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Prepare Your Business Now for Summer Heat and High Energy Prices

Published 06-03-22

Submitted by NRG Energy

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Originally published on NRG Energy Insights

By NRG Editorial Voices

Summer is fast approaching with 100+° F days along with increased energy demands and the risk of price spikes. Making matters worse, ongoing supply chain issues and geopolitical unrest have led to the highest prices for natural gas and other energy commodities in years. Now is the time to protect your business by planning an energy strategy to navigate high commodity prices and summer’s demand-heavy energy market.

High commodity prices plus high demand hurts the bottom line

The benchmark spot market price for natural gas in the United States is the highest it has been in nearly a decade, just as summer is approaching.* That’s important because the price of natural gas is highly correlated with the price of electricity.

In addition to the potential for a high day-to-day cost of electricity this summer due to surging commodity prices, oppressive heat and grid stress can lead to wildly fluctuating energy costs. In fact, the independent grid operators serving the Midwest and Texas — the Midcontinent Independent System Operator (MISO) and Electric Reliability Council of Texas (ERCOT) — already issued warnings about that exact scenario in late April and early May when extreme heat spread across the central United States. ERCOT, specifically, issued a warning of a possible future emergency condition of reserve capacity deficiency for the afternoons of May 10 and 11.

When the heat is on, so is price volatility

With an increase in temperature, there is an in-step rise in cooling demands, making summer a season of air conditioners, fans, dehumidifiers, and other cooling equipment. It’s a recipe for grid congestion and overloads that can cause substantial price increases.

The summer of 2021 witnessed record-breaking heat waves, including the highest temperature ever recorded in Canada, 121° F. In June, the Phoenix area experienced six consecutive 115° F days. At the same time, New England and the mid-Atlantic baked under record-breaking June heat, reaching the upper 90s from New Jersey to Maine.*

Record-breaking temperatures are becoming more frequent. A recent UN climate report showed that extreme weather events have surged five-fold over the past 50 years.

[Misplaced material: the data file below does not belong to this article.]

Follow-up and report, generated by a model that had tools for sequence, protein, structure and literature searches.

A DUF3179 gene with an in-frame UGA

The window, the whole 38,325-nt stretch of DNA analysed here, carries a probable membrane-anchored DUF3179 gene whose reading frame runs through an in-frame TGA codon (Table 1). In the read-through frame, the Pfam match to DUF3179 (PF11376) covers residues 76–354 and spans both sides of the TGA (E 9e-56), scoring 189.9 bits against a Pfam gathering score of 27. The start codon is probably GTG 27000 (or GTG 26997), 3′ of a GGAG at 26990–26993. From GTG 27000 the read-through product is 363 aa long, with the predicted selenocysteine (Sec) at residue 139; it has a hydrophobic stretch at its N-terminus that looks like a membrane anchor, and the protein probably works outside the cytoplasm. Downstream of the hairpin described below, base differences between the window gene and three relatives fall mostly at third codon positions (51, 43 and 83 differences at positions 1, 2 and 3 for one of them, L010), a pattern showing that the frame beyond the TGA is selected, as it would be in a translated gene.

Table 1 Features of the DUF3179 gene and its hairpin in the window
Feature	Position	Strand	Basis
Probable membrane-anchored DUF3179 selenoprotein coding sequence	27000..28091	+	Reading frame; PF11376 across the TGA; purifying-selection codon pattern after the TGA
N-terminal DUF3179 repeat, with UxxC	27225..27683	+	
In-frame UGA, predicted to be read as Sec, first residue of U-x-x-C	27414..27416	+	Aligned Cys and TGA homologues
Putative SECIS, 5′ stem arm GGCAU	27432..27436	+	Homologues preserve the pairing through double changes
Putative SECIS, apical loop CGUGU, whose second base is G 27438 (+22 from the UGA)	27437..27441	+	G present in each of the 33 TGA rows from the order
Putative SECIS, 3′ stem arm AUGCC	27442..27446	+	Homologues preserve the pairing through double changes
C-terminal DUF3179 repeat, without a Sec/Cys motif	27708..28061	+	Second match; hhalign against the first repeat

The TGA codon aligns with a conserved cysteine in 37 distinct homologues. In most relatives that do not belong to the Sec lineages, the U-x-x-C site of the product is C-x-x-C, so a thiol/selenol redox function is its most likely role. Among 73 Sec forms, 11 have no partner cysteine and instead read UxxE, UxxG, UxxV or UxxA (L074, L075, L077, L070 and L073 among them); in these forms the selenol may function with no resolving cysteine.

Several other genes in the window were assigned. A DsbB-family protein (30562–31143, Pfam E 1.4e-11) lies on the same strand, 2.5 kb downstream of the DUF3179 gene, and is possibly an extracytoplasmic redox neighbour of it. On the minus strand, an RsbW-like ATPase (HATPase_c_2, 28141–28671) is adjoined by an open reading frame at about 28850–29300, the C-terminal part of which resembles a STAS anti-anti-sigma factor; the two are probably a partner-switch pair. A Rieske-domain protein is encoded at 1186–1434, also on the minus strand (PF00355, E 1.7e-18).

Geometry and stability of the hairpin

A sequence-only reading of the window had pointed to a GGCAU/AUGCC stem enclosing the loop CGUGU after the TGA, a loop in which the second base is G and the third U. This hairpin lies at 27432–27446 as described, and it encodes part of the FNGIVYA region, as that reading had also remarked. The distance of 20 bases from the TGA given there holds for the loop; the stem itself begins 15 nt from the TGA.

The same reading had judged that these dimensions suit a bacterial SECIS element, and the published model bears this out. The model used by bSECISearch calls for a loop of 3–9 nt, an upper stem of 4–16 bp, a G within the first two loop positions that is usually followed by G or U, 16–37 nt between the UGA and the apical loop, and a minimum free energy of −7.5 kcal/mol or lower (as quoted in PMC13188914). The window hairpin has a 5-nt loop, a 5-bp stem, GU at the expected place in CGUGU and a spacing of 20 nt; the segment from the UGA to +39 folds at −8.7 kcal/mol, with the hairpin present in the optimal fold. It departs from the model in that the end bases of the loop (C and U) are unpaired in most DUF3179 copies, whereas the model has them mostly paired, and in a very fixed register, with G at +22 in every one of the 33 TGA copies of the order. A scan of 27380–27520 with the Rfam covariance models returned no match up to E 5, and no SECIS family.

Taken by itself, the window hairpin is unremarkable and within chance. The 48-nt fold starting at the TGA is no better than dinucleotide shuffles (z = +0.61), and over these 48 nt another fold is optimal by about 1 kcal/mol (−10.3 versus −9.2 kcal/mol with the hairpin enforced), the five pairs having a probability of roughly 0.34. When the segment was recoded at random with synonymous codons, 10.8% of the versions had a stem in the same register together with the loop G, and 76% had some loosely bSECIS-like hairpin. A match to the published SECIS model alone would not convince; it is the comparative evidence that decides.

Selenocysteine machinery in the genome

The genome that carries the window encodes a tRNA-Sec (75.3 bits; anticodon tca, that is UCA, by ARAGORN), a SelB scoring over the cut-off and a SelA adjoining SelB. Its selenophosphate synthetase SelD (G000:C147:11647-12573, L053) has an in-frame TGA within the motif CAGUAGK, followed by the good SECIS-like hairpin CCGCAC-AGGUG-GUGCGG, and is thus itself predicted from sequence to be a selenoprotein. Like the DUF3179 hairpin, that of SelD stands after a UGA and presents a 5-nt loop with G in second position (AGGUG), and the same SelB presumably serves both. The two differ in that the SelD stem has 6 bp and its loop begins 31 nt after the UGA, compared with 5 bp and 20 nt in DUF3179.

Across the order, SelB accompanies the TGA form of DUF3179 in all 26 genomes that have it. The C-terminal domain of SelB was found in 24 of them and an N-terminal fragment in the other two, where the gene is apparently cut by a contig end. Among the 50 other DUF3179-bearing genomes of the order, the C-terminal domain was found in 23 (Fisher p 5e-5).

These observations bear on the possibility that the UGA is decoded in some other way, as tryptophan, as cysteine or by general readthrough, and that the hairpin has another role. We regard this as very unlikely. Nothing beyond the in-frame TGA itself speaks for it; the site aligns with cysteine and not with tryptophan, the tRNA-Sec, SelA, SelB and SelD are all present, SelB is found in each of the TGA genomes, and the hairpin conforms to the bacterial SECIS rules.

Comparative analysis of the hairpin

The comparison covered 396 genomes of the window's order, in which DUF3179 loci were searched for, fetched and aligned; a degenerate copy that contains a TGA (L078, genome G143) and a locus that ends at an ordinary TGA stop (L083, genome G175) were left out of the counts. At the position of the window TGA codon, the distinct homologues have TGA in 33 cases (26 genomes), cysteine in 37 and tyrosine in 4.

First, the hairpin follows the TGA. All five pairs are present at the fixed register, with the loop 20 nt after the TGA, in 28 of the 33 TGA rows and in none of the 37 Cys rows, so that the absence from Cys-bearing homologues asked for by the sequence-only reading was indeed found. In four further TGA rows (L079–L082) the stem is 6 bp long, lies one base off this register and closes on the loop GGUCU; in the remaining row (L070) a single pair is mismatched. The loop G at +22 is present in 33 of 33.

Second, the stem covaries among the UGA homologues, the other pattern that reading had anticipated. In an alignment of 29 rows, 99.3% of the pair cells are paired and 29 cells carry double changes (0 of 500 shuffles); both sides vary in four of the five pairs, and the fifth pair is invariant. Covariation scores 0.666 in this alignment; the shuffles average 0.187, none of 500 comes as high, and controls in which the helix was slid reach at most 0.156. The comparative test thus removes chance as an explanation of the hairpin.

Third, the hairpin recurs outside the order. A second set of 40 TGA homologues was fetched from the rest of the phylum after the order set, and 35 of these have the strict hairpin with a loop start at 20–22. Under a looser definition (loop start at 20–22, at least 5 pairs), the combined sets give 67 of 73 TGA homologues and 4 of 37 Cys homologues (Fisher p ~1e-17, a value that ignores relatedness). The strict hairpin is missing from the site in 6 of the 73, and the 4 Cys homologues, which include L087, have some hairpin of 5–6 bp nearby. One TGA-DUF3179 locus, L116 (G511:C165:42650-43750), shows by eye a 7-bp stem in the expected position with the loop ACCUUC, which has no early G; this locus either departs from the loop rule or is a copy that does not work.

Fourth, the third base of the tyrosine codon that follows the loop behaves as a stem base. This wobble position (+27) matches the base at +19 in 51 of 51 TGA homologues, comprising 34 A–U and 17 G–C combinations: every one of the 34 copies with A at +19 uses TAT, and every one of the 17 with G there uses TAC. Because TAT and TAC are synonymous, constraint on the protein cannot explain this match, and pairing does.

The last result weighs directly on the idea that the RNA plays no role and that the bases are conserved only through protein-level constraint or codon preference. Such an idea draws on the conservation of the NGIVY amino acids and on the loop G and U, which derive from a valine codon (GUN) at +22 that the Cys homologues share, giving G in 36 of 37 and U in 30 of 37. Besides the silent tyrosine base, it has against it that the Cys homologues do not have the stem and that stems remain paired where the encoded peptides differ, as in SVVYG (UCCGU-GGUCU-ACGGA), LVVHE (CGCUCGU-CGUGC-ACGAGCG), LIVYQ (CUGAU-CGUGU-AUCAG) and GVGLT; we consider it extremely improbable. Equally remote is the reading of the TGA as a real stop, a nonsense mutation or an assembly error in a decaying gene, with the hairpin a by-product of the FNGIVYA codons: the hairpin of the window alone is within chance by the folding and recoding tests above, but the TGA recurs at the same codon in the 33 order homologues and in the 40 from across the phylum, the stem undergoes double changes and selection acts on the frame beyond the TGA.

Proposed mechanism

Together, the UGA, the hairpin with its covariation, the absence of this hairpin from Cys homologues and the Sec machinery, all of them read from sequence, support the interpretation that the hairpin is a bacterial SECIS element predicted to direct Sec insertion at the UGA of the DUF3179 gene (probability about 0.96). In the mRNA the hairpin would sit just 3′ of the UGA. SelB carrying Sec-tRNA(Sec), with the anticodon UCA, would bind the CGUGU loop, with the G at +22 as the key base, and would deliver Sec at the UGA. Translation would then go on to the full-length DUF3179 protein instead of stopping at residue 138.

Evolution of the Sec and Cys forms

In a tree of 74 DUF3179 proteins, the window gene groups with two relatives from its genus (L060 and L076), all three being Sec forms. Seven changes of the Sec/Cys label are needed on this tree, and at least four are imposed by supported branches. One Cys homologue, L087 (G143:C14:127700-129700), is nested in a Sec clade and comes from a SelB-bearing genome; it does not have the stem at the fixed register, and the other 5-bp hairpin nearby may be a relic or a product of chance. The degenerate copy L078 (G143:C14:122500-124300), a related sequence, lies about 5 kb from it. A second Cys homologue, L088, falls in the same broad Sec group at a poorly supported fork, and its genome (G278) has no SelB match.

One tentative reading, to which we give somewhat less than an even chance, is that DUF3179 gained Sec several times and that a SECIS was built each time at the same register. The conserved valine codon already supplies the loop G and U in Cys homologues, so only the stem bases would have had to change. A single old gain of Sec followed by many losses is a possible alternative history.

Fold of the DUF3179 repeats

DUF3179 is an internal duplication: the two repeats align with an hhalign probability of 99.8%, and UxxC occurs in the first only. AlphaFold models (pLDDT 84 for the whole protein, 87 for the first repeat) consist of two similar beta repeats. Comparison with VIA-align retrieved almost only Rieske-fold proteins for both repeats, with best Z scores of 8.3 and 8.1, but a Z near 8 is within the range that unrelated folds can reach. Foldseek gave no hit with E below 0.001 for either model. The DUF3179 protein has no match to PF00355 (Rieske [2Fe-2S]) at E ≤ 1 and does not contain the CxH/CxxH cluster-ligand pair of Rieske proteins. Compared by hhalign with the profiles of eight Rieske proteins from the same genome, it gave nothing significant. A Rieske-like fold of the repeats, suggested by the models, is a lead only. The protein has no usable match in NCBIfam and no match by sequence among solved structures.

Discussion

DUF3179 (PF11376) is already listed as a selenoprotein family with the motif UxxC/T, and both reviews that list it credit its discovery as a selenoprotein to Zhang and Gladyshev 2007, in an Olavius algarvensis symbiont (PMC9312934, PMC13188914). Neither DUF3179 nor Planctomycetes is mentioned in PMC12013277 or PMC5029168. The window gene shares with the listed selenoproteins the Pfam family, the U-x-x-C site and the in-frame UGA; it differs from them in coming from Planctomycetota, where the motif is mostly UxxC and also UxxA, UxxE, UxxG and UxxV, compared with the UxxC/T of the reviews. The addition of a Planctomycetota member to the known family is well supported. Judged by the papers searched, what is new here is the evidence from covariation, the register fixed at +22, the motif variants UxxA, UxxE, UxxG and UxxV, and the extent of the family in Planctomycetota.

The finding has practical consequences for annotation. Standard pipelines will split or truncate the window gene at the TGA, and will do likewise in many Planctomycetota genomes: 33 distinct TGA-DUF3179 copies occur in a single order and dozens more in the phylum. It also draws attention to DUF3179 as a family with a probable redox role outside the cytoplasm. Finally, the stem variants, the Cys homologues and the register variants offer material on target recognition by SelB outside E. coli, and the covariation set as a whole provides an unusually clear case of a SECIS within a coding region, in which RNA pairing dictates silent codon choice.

As the map below indicates, above-average heat is expected throughout much of the United States.

How to reduce the impact of high commodity prices and a demand-heavy energy market

As an energy customer, you need to know how to best prepare a summer energy strategy. Here are steps you can take and products and services to think about now.

  • Reduce energy use – Consider investing in energy efficient equipment, such as Energy Star central air conditioning units or air source heat pumps. Recent improvements in HVAC technologies have greatly increased efficiencies. Economizers that use outdoor air for free cooling and properly configured system controls can also save energy. Take advantage of demand control ventilation to ensure you are setting indoor climate based on occupancy. Reduce lighting loads through daylight-responsive or occupant sensor controls. Finally, you can stagger equipment use to avoid large, consolidated draws of energy.
  • Shop energy programs and contracts – Ensure your supply contracts match your level of risk/reward tolerance. A fixed price plan can provide you with price security regardless of energy commodity price fluctuations or electricity price spikes during high demand. Other plans offer various degrees of exposure to the market and risk mitigation. An expert energy advisor can help you determine which plans are best for both your power and natural gas needs.
  • Participate in a demand response program – During excessive summer heat, taking load off the grid does everyone a favor by helping keep supply and demand in check. Demand response programs are a no-risk way to do this, and they pay you for energy curtailment. Case in point, Calspan, a leading aviation testing firm, made $275k in revenue and reduced 7.4 megawatts of load in one year by participating in a demand response program.
  • Implement distributed energy resources – Rooftop solar, battery storage, and onsite generation can provide energy control for a variety of situations.

Take action and collaborate with energy experts

Extreme weather events are expected to increase in the coming years. High commodity price inflation is proving stubborn. A trusted energy partner can work with you to find approaches that best suit your operation and complement each other. As an integrated energy company with a comprehensive understanding of the market, NRG is a ready and collaborative partner. Please contact us with any questions.

* US Energy Information

** Washington Post

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